Four New Agencies Added to Amazon Alexa Page
Amazon recently updated its Alexa Agencies and Tools page and added four new entries to the agencies list. Connected Lab, Isobar, TVGla and VoiceXP were all added over the past month. This brings the total agencies recognized by the Amazon Alexa team to 31.
The Mystery of Getting on the List
While Amazon doesn’t formally acknowledge developers, agencies or tools as “partners,” many feel that recognition on the agencies and tools page is a critical credential for anyone focused in Alexa skill development. The requirement to become listed is not clear. In the latest group of agencies, Voicebot could not identify any Alexa skills built by Connected Lab and the company declined to confirm any in production. TVGla also didn’t respond to inquiries and it only has two internally focused skills so it is not clear the agency has done client work in the space.
By contrast, VoiceXP lists CenturyLink, Vormetric and Dynatrace as customers and includes two Alexa Champions on the team, Bob Stolzberg and Mark Tucker. Similarly, Isobar worked with DIAGEO at the Cannes Film Festival and had built a skill for the agency itself. The company also has a history of working in the chatbot space. We assume all of the listed agencies have capabilities to build voice experiences. It is an open question how much experience is required to make the list. Isobar’s Chandra Raju did offer this insight from his firm’s work with voice applications. This is a great tip for anyone wading into voice application development.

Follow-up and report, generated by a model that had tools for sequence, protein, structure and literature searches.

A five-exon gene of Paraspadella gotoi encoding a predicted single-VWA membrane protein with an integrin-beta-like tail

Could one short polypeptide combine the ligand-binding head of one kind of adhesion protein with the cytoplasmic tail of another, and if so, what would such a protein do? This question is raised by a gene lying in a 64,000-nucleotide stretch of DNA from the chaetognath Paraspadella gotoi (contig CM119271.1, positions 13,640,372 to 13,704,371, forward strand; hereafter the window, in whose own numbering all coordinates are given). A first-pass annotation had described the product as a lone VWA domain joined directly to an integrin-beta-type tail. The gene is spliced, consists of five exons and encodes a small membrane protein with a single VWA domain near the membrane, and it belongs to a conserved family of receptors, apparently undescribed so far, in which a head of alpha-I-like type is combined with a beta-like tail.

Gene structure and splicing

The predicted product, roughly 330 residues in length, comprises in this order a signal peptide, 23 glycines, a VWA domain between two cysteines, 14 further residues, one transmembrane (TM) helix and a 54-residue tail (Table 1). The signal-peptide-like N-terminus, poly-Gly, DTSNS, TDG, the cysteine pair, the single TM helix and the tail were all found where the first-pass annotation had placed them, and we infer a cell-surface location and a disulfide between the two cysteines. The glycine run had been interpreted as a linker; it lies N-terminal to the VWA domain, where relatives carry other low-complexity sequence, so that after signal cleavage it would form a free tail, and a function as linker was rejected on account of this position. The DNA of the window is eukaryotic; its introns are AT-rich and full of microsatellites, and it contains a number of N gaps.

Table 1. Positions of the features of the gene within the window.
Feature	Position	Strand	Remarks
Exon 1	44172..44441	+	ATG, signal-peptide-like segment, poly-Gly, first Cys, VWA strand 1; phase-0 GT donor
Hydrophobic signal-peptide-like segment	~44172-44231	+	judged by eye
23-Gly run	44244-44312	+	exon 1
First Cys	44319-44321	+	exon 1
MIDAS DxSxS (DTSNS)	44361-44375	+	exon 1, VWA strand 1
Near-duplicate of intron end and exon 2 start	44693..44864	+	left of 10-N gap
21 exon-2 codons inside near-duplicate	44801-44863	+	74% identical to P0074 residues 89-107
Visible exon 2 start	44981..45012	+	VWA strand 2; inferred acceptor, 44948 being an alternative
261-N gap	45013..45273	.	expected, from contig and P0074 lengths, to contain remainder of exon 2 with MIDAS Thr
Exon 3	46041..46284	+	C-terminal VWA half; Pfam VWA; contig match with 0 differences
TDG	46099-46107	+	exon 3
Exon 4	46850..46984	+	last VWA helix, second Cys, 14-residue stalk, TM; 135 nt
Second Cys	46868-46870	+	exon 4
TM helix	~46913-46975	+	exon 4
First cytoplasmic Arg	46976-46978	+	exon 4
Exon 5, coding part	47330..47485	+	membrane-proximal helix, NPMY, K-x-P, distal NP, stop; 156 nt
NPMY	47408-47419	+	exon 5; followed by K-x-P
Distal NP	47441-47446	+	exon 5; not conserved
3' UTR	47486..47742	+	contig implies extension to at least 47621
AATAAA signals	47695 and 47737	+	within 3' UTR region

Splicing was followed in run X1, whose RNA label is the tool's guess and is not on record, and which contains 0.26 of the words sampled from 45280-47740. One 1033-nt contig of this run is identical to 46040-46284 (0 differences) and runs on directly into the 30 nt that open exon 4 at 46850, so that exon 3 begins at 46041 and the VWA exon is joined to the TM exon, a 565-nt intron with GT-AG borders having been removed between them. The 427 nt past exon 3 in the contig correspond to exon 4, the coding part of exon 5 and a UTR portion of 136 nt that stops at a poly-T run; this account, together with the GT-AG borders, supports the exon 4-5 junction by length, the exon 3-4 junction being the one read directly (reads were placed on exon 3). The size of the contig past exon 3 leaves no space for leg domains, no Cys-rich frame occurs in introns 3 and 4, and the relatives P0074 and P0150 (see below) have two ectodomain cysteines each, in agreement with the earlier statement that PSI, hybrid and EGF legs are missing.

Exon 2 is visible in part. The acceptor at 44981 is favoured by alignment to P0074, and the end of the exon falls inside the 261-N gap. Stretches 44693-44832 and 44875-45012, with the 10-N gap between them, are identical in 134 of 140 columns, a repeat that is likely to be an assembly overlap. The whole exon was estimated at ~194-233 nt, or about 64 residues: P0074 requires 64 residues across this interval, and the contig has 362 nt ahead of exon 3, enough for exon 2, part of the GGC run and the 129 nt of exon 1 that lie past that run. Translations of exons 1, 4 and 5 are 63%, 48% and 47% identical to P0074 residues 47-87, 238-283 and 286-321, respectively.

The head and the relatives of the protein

The voice market has lot of potential as long as you can intrigue the user with new choices from the same skill, like updating the content, providing different choices and [making] them come back. This is only possible by collecting usage metrics around requests, responses and failures, constantly improve them to meet user needs which is like a feedback loop.
How Should Independent Developers Be Recognized
All of this still leaves open the question posed in an earlier article. If Amazon is going to recognize large agencies for their abilities in voice application development, should it also recognize independent developers that have built some of the more popular Alexa skills, have proven their expertise in the medium and also do contract work for companies? This is a more complicated endeavor but one that Amazon should consider given its focus on cultivating the Alexa developer community and its interest in having more high quality Alexa skills.
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